The Ultimate Drum Kit Learning Method
What music instructors need is a way to easily converse with both student and parent in a comprehensive fashion. At times all instructors have struggled to convey the necessary information PLUS create a full curriculum from scratch. Most instructors require multiple books from which to teach. Most students end up paying for, on average, one book every six months. Parents often struggle to understand exactly what it is that their child (the student) is supposed be practicing, and to what standard.
Beginning at the beginning is an unusual quality in most music books today. The UDKLM diligently and actively pursues the student’s arrival into the intermediate stage of drumming from ground zero. And the learning methods will take the student as high as he or she is willing to go.
Including dozens of illustrations, videos, instructions, references, free access to online 30+ song transcriptions and over 50 curriculum pages, this book should be on the shelf of every instructor and serious drum student.
The UDKLM is a comprehensive and versatile manual, including a multitude of professional quality videos, that will guide the student from beginner to intermediate levels with the assistance of an instructor. More than a simple drummer’s book or basic curriculum, this book is an indispensable and comprehensive PACKAGE that will guide the both the instructor and student eloquently from a “new to the sticks” beginner to a fully qualified mid-intermediate player.
The main aspects of drumming
This is the method upon which this book is based. Everything learned in the book will be built upon this order, this foundation. An instructor must have a method. You can’t just “boom-bap” your way into educating a student. There must be actual knowledge conveyed by the instructor of any instrument, and drums are no exception. Teaching just “beats” is the equivalent of teaching a surgeon only how to do surgical procedures, without the finer understanding of why or how the body functions.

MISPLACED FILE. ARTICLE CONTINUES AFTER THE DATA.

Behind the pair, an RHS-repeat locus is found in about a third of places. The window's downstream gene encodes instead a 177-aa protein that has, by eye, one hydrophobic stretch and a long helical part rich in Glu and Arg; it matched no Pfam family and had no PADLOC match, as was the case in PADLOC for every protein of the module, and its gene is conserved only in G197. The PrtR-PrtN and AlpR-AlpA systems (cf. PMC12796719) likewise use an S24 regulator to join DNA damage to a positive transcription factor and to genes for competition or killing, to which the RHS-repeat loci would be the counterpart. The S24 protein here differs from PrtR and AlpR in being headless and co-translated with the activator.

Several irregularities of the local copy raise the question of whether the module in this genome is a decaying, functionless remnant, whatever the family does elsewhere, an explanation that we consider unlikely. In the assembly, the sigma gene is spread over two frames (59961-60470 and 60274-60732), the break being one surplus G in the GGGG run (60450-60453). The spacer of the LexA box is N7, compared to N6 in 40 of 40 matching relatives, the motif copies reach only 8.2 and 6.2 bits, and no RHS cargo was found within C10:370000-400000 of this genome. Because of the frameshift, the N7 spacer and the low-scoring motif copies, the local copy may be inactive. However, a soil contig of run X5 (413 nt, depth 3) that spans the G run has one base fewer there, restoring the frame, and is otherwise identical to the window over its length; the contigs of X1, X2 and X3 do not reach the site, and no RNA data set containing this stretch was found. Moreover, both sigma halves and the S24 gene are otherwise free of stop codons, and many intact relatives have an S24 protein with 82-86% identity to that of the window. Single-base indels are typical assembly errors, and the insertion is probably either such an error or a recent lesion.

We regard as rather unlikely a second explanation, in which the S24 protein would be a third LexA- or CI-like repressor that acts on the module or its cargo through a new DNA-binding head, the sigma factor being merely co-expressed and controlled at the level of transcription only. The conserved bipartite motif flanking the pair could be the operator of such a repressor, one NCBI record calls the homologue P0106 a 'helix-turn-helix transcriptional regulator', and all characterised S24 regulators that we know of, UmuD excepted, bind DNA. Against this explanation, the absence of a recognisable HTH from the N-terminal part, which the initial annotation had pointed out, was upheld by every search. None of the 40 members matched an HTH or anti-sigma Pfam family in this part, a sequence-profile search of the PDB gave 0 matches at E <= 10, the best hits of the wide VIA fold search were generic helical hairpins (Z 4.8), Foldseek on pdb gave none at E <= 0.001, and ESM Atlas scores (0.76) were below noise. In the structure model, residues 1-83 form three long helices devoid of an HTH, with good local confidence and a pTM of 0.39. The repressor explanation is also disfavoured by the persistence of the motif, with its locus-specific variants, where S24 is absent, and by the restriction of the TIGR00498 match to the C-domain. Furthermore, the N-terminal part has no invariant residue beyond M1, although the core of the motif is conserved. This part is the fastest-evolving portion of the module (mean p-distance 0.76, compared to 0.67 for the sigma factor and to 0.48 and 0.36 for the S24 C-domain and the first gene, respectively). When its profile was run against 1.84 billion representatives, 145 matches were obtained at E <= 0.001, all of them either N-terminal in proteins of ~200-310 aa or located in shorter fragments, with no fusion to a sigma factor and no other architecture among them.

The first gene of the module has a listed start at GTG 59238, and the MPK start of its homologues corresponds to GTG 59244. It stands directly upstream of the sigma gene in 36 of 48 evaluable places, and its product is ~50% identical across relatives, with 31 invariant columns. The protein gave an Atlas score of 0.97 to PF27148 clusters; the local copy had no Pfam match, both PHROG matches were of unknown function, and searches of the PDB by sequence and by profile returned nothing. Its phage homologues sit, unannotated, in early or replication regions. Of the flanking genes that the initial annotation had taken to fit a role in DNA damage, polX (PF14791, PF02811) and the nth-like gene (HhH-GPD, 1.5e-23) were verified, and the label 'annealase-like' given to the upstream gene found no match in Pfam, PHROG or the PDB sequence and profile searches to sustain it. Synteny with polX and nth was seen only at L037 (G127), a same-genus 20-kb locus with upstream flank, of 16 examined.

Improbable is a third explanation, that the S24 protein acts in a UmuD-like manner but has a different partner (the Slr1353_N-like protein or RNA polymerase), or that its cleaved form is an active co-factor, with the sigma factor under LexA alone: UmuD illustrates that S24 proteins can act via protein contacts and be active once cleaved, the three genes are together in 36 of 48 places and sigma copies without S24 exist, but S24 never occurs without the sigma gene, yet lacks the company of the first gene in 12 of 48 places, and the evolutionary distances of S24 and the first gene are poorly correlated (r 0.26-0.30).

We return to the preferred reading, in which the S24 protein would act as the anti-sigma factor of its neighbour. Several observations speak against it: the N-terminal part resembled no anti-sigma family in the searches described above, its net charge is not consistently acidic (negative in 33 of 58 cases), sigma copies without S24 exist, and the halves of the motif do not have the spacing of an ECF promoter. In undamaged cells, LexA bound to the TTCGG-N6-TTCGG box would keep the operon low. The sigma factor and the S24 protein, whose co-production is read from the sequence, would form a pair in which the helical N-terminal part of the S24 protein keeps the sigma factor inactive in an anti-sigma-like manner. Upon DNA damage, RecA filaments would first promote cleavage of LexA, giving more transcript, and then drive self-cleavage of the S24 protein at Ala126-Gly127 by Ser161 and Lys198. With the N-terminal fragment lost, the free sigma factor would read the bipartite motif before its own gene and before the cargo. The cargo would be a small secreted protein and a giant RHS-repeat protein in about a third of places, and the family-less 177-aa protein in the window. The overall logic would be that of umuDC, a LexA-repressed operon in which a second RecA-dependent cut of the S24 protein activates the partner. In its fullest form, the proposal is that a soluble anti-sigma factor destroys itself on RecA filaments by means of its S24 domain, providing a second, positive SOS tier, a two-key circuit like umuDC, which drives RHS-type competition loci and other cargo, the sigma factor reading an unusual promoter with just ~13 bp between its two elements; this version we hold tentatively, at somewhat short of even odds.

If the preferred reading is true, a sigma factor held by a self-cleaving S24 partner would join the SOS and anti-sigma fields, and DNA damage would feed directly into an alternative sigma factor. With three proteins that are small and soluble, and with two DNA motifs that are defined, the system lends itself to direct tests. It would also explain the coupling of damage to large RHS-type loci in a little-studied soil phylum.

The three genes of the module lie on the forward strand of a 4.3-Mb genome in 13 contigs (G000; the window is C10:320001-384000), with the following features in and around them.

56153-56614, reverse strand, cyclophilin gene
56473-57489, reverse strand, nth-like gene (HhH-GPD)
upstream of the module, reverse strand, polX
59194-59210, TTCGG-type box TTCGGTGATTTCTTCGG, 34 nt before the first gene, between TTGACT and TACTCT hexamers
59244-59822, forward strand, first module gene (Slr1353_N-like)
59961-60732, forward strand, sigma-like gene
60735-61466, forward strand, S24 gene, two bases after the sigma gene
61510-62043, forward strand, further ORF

This is a simple six step process, in order, over the course of years, that will take the student from beginner to expert if followed vigorously:
- Coordination (R/L F/H)
- Reading skills
- Sound (rimshots, ghost notes, dynamic control)
- Technique (grip, relaxation, etc)
- Memorization (playing without the sheet music, hearing it in your head)
- Feel, groove (Playing body parts, not rhythms; evenness between notes)
When followed exclusively, my instruction method works without fail … unless the student simply does not put in the effort.
And since I am a fan of mixed martial arts, and because there are so many similarities in training for both martial arts and the art of drumming, in my mind drumming is in belt-rank order, or levels. As a “no belt” you are just beginning. You know nothing, or very little, and what you do know will likely need correcting or reversing. As a “white belt” your knowledge has just begun. Your understanding is blank like the white pages of an unwritten book. As a “yellow belt” your knowledge is like the rising sun. You have just started to see around the corner. “Orange belt” is explains that your drumming skills have become stronger like molten iron that is just beginning to set. As a “green belt” your skills and knowledge are becoming grounded like the roots of a plant.
And we stop there in this curriculum. In future curriculums you will see blue and red belts. Black is reserved for those who are approaching “master” levels. Not quite there, but only masters may teach them.
How This Book Differs From Others
The largest troubles I find with most drumkit books is that they are not oriented around actual teaching, not having defined an A thru Z method. Most of the successful (and timeless) books on drumming have mostly one thing in common: they are filled with virtually nothing but sheet music and take the student’s skill level from A to Z. But even those timeless books to not address the instructor. That is the main difference. This book is for both and meant to be used by instructor and student for teaching and learning, respectively.